Liz Gannes interviewed Bradley Horowitz, VP of product at Google this week. While she notes that Yegge’s post was not a topic of discussion, she says, “First, Horowitz does think Google+ is a larger platform play rather than just a product, in that it will be a layer on top of all of Google’s products. And second, his team severely ‘underestimated the appetite for this product,’ and it is currently rushing to push out all sorts of things users are asking for, as well as other stuff they haven’t anticipated.”

We haven’t heard what kind of consequences Yegge faces from the company, if any. Rip Rowan, who shared the post on Google+ before Yegge deleted it, says, “Hopefully Steve will not experience any negative repercussions from Google about this. On the contrary, he deserves a promotion.”

Now Google Executive Chairman Eric Schmidt is using Google+. Maybe he’ll accidentally post an internal message publicly too. Keep your fingers crossed.

What do you think? Do you agree with Yegge about Google+? Let us know in the comments.

Read the original post in its entirety below:

I was at Amazon for about six and a half years, and now I’ve been at Google for that long. One thing that struck me immediately about the two companies — an impression that has been reinforced almost daily — is that Amazon does everything wrong, and Google does everything right. Sure, it’s a sweeping generalization, but a surprisingly accurate one. It’s pretty crazy. There are probably a hundred or even two hundred different ways you can compare the two companies, and Google is superior in all but three of them, if I recall correctly. I actually did a spreadsheet at one point but Legal wouldn’t let me show it to anyone, even though recruiting loved it.

I mean, just to give you a very brief taste: Amazon’s recruiting process is fundamentally flawed by having teams hire for themselves, so their hiring bar is incredibly inconsistent across teams, despite various efforts they’ve made to level it out. And their operations are a mess; they don’t really have SREs and they make engineers pretty much do everything, which leaves almost no time for coding – though again this varies by group, so it’s luck of the draw. They don’t give a single shit about charity or helping the needy or community contributions or anything like that. Never comes up there, except maybe to laugh about it. Their facilities are dirt-smeared cube farms without a dime spent on decor or common meeting areas. Their pay and benefits suck, although much less so lately due to local competition from Google and Facebook. But they don’t have any of our perks or extras — they just try to match the offer-letter numbers, and that’s the end of it. Their code base is a disaster, with no engineering standards whatsoever except what individual teams choose to put in place.

To be fair, they do have a nice versioned-library system that we really ought to emulate, and a nice publish-subscribe system that we also have no equivalent for. But for the most part they just have a bunch of crappy tools that read and write state machine information into relational databases. We wouldn’t take most of it even if it were free.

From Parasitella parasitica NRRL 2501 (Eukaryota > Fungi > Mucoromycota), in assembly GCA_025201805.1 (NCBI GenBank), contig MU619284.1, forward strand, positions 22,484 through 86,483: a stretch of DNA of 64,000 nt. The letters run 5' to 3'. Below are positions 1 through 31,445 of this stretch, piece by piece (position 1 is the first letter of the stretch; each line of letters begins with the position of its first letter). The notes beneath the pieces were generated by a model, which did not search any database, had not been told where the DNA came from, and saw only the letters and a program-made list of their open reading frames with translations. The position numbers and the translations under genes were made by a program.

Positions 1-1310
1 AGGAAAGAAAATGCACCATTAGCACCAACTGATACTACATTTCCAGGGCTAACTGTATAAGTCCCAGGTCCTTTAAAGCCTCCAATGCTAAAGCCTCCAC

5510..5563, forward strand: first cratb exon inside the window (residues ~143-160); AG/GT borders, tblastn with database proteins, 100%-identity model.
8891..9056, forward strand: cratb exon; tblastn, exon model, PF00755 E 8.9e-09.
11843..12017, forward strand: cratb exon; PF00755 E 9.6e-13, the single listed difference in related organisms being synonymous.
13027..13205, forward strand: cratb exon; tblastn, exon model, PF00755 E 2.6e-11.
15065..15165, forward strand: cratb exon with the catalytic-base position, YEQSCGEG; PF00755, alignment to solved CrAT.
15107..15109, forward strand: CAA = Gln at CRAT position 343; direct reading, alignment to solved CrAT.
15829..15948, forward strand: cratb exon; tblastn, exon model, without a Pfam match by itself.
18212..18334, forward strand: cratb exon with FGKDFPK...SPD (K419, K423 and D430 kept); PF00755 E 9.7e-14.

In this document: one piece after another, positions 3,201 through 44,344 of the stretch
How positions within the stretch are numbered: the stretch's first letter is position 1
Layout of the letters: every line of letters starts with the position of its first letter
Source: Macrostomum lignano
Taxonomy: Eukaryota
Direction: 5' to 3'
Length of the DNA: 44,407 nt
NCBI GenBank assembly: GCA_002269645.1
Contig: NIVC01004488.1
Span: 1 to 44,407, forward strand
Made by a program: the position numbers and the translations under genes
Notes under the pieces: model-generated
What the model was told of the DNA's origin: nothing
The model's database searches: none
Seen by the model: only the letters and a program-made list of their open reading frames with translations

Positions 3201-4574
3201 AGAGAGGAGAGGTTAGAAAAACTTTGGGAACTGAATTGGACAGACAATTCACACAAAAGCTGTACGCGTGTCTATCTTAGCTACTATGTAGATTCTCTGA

I think the pubsub system and their library-shelf system were two out of the grand total of three things Amazon does better than google.

I guess you could make an argument that their bias for launching early and iterating like mad is also something they do well, but you can argue it either way. They prioritize launching early over everything else, including retention and engineering discipline and a bunch of other stuff that turns out to matter in the long run. So even though it’s given them some competitive advantages in the marketplace, it’s created enough other problems to make it something less than a slam-dunk.

But there’s one thing they do really really well that pretty much makes up for ALL of their political, philosophical and technical screw-ups.

Jeff Bezos is an infamous micro-manager. He micro-manages every single pixel of Amazon’s retail site. He hired Larry Tesler, Apple’s Chief Scientist and probably the very most famous and respected human-computer interaction expert in the entire world, and then ignored every goddamn thing Larry said for three years until Larry finally — wisely — left the company. Larry would do these big usability studies and demonstrate beyond any shred of doubt that nobody can understand that frigging website, but Bezos just couldn’t let go of those pixels, all those millions of semantics-packed pixels on the landing page. They were like millions of his own precious children. So they’re all still there, and Larry is not.

Micro-managing isn’t that third thing that Amazon does better than us, by the way. I mean, yeah, they micro-manage really well, but I wouldn’t list it as a strength or anything. I’m just trying to set the context here, to help you understand what happened. We’re talking about a guy who in all seriousness has said on many public occasions that people should be paying him to work at Amazon. He hands out little yellow stickies with his name on them, reminding people “who runs the company” when they disagree with him. The guy is a regular… well, Steve Jobs, I guess. Except without the fashion or design sense. Bezos is super smart; don’t get me wrong. He just makes ordinary control freaks look like stoned hippies.